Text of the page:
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In New Zealand the use of hand-held phones while driving was prohibited in 2009, but hands-free phones are still permitted. We recently presented the results of an observational study into mobile phone among Wellington drivers at a conference (for details see the proceedings1). The main findings were that out of 8335 cars systematically observed at traffic lights and 9520 cars in moving traffic (each at three different Wellington locations), the use of mobile phones was 1.87% (95%CI: 1.60-2.18) and 1.34% (95%CI: 1.13-1.59) respectively. As well as the significantly higher usage at traffic lights versus in moving traffic, other notable findings were: Younger drivers (<25 years) were significantly more likely to use their mobile phones while driving compared to older drivers (e.g., in moving traffic, risk ratio=2.91, 95%CI=2.00-4.22). Overall, it was much more common for drivers to use their phones in a non-ear position as for texting (at 77.8%), than next to their ear. This was also significantly higher among younger drivers compared to older drivers. It is difficult to interpret our Wellington results for 2012, relative to a pre-law study published in 2006 for Auckland2 which reported 3.9% of drivers using mobile phones while driving. Not only might there be differences by location, there were various differences in study methods. Nevertheless, the lower usage level found in our Wellington study could reflect some partial successful effect of the 2009 law that banned the use of hand-held phones while driving. Although international data are somewhat mixed as to how effective such laws are in the long-term (e.g. for the UK3 and New York4 5), it does appear that they can be successful, especially if there is stringent enforcement (e.g. Washington DC6,7). Nevertheless, the current situation in New Zealand is still problematic, given that the science around the hazard of any mobile phone use while driving keeps getting stronger (e.g. Canadian research8). Furthermore, driver distraction associated with mobile phone use may be becoming more hazardous, with greater ownership of attention-demanding smartphones and other nomadic devices. So what should be done? Continuing with New Zealand Government funded mass media campaigns around the hazard may help (as run during 2012), but a careful analysis of the message around driver distraction and the cost-effectiveness data on these campaigns should be undertaken. At the same time, we believe other options involving some combination of technological and legal changes should be explored as per the suggestions below: All new cars imported into New Zealand (e.g. from the year 2018) might be required to have technology that automatically stops mobile phones from ringing when the vehicle is in motion (along the lines discussed by others9). All new mobile phones permitted on the New Zealand market from 2018, could be required to automatically disable themselves from working when their internal GPS sensor identifies movement (albeit with an exemption for phoning the national emergency number). This option could work alongside the smart car option above, or may obviate its need. It could potentially help prevent injuries among people who use electronic devices while cycling (for whom injury risks appear elevated10). Introduce new regulations that increase fines and/or other penalties for infringements of the existing law. International evidence has shown this to have a strong deterrent effect and is key to maintaining the effectiveness of laws prohibiting drivers use of mobile phones. One option includes mobile phone confiscation from those using them while driving. Address the residual need to prohibit hands-free phones in cars given the incontrovertible evidence, collected internationally7 and in New Zealand,11 that these are also highly distracting for drivers. Legislation treating hands-free and hand-held mobile phones uniformly will also add a degree of clarity around the reason for the prohibition (driver distraction rather than manual interference) in public education campaigns, which may ultimately be needed to address the proliferation of other in-car distractions. Exemptions for commercial drivers and emergency workers could still be permitted, once drivers demonstrate appropriate knowledge around hazard mitigation (e.g. how to keep to short sentences when conversing). There should be public discussions around these various options to potentially improve them and to identify even more effective and cost-effective solutions. Nevertheless, given that passing a law is not particularly expensive in New Zealand (e.g. typically at NZ$3.5 million12,13; 95%CI: 2.0-6.2 million), it would not take long for such a new law to be cheaper than one or two mass media campaigns. But the new law would probably also be much more cost-effective than media campaigns if its effects lasted many decades into the future. So while the New Zealand Government was relatively slow to introduce the 2009 law, lets hope for better progress with the next one. Perhaps it is time for the right mix of smartphones , smart cars and smart politicians ?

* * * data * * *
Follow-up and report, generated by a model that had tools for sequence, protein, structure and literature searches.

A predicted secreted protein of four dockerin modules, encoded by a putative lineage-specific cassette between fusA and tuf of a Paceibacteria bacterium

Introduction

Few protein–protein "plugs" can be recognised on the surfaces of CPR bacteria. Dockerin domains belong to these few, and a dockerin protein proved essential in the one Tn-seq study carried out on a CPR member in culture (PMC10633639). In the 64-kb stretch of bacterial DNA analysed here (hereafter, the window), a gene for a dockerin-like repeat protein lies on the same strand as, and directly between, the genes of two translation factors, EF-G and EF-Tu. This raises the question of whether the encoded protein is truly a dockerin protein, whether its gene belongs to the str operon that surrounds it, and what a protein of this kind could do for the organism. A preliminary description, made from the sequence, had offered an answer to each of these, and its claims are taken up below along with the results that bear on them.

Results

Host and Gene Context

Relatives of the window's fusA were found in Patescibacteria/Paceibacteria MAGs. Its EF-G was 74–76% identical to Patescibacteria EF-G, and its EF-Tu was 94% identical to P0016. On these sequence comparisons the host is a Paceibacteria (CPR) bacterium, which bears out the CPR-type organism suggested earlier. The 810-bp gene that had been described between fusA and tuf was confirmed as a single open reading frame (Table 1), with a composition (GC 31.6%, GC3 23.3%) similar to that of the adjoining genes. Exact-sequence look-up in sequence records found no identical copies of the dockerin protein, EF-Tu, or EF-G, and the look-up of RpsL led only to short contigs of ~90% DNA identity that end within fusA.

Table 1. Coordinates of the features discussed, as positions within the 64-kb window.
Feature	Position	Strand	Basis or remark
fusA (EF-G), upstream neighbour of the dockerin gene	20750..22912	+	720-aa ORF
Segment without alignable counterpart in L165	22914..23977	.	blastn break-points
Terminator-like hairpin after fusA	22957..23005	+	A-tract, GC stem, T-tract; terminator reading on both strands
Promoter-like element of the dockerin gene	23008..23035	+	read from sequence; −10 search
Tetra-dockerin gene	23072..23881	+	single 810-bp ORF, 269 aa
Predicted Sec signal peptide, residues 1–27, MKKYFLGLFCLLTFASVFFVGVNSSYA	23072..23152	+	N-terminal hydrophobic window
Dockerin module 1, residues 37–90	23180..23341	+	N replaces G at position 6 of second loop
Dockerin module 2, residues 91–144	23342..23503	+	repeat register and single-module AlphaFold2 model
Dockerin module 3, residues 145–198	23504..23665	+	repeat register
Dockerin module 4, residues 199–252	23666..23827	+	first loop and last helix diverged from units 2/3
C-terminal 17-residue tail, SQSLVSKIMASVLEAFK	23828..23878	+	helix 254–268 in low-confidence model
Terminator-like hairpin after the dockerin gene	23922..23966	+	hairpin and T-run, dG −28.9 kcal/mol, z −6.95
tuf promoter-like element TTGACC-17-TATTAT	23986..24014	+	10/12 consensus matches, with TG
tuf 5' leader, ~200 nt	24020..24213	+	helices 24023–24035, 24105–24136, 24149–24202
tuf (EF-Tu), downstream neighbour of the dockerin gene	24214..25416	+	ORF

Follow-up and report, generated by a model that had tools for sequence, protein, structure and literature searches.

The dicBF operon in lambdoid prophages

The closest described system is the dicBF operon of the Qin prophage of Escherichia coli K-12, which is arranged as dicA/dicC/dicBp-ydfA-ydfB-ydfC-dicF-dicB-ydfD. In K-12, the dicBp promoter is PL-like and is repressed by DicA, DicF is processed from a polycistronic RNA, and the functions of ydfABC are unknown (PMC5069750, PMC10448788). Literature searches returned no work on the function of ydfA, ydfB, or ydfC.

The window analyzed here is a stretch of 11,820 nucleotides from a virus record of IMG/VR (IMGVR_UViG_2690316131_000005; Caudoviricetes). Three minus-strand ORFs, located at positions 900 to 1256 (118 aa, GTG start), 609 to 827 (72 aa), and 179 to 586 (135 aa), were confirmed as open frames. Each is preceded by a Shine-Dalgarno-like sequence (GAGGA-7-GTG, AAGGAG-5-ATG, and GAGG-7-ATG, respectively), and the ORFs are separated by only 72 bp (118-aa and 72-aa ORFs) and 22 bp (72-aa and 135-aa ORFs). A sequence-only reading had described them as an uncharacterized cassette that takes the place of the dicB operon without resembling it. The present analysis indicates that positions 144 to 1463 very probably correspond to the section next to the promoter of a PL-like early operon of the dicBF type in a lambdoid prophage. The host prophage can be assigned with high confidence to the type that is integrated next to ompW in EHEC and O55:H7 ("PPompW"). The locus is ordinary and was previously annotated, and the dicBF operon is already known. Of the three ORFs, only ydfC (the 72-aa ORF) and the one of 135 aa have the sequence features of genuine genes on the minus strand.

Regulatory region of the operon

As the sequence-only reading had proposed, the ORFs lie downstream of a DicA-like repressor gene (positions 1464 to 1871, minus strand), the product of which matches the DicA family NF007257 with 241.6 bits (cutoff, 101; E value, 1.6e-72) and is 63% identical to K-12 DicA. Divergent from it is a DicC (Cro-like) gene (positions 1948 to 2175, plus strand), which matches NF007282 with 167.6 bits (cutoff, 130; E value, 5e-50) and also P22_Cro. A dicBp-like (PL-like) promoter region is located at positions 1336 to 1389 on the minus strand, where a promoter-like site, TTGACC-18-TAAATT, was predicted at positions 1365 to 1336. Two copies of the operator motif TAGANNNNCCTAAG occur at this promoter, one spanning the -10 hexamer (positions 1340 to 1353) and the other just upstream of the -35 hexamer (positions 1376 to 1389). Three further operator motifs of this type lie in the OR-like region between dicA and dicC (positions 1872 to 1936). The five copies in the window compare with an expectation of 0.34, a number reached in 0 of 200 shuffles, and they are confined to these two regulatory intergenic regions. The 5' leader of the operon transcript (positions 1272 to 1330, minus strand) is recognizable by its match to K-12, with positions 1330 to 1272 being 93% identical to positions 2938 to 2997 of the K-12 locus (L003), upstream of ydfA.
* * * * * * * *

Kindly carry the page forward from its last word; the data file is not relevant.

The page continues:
Summary